Infographic of meningococcal disease incidence
Jessica R. MacNeil

New surveillance data demonstrated a steady decline in the incidence of meningococcal disease over the past 2 decades in the United States.

Substantial reductions in serogroups covered by the meningococcal conjugate vaccine (MenACWY) reflect the impact of the Advisory Committee on Immunization Practices’ (ACIP) 2005 recommendation to vaccinate individuals aged 11 to 18 years, and the committee’s 2010 recommendation to administer a booster dose to adolescents aged 16 years and older, according to Jessica R. MacNeil, MPH, epidemiologist at the CDC’s National Center for Immunization and Respiratory Diseases, and colleagues.

“Although it does not appear the adolescent meningococcal vaccination program has resulted in any significant indirect benefits in other age groups at this time, these data are the first to suggest an impact of the adolescent MenACWY program in reducing rates of serogroups A, C, W and Y among adolescents,” the researchers wrote in Clinical Infectious Diseases. “The largest declines in serogroups A, C, W and Y have been observed in younger adolescents, possibly due to high vaccination coverage in that age group.”

According to the researchers, 81.3% of adolescents aged 13 to 17 years have received at least one dose of the MenACWY vaccine by 2015. However, only 33.3% of patients aged 17 years received the booster dose. In addition to MenACWY, two serogroup B meningococcal (MenB) vaccines were approved in 2014 and 2015 for patients aged 10 to 25 years. Although the ACIP did not recommend routine vaccination with MenB vaccines, the committee encouraged individual clinical decision-making regarding MenB vaccines in adolescents and young adults aged 16 to 23 years.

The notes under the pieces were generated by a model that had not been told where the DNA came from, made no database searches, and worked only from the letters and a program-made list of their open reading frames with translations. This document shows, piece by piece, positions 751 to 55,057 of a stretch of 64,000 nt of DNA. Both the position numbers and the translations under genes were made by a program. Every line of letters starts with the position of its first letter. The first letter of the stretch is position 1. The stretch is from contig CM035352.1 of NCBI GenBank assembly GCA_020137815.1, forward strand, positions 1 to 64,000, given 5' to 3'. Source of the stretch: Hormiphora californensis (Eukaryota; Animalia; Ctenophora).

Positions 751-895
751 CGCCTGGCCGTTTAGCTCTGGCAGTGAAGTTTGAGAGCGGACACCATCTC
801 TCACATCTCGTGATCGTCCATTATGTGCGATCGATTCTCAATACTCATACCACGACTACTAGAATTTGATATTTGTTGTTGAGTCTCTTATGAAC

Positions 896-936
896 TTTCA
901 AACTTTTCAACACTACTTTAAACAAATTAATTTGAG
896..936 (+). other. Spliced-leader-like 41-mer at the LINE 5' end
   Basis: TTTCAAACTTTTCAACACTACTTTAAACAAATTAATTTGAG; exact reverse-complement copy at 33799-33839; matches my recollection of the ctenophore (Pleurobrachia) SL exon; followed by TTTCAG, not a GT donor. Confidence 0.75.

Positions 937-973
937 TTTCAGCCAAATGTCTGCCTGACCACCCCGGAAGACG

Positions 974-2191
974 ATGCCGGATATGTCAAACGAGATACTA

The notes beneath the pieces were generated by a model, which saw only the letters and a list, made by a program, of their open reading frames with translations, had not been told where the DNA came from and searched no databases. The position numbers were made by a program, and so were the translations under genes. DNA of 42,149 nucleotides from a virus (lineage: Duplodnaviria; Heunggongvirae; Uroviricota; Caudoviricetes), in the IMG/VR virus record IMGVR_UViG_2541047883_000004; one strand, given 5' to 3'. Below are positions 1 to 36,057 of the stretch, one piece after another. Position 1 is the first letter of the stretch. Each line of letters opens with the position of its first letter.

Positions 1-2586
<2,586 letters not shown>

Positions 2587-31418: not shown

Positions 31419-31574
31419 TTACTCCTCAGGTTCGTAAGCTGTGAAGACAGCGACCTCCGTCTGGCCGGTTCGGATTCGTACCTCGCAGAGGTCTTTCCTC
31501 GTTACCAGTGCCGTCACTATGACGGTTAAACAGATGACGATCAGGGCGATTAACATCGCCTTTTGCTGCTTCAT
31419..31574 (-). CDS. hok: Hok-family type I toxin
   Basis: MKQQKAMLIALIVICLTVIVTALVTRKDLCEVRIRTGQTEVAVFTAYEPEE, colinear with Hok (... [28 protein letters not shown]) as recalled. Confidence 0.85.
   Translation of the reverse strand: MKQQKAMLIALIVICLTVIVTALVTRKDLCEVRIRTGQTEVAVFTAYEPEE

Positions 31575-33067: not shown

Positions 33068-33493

“This recommendation for individual clinical decision-making was made, in part, because of the current low incidence of meningococcal disease,” MacNeil and colleagues noted.

To investigate trends in meningococcal disease incidence, the researchers examined data on confirmed and probable cases that were identified from 2006 to 2015 through the National Notifiable Diseases Surveillance System (NNDSS) as well as confirmed cases identified from 1996 to 2015 through the Active Bacterial Core (ABC) surveillance system.

According to NNDSS data, 7,924 cases of meningococcal disease occurred in the U.S. from 2006 to 2015 — nearly 15% of which were fatal. The average annual incidence was 0.26 cases per 100,000 population. Oregon had the highest incidence, with 0.79 cases per 100,000 population. Cases were most commonly reported in infants aged younger than 1 year (2.45 cases per 100,000), and fatalities mostly occurred among adults aged 85 years and older (28%). Based on available information, 35.8% of cases were serogroup B, 28.5% were serogroup Y, 22.8% were serogroup C, 6.8% were serogroup W and 6.1% belonged to other serogroups.

PAGE BREAK

The overall national incidence declined 70.8%, from 0.40 cases per 100,000 in 2006 to 0.12 cases per 100,000 in 2015. There was a 76% decline in serogroups covered by the MenACWY vaccine in patients aged 11 to 20 years. Smaller reductions in serogroup B were also observed in this population.

ABC surveillance data demonstrated steady reductions in meningococcal disease incidence among all age groups from 1996 to 2015. The largest decline was among infants aged younger than 1 year, which decreased 93%, from 11.04 cases per 100,000 population to 0.73 cases per 100,000 population. The incidence of serogroup B declined 80%, serogroup C declined 97% and serogroup Y declined 95%. Other serogroups remained fairly stable, according to the researchers. – by Stephanie Viguers

Disclosures: The authors report no relevant financial disclosures.

Infographic of meningococcal disease incidence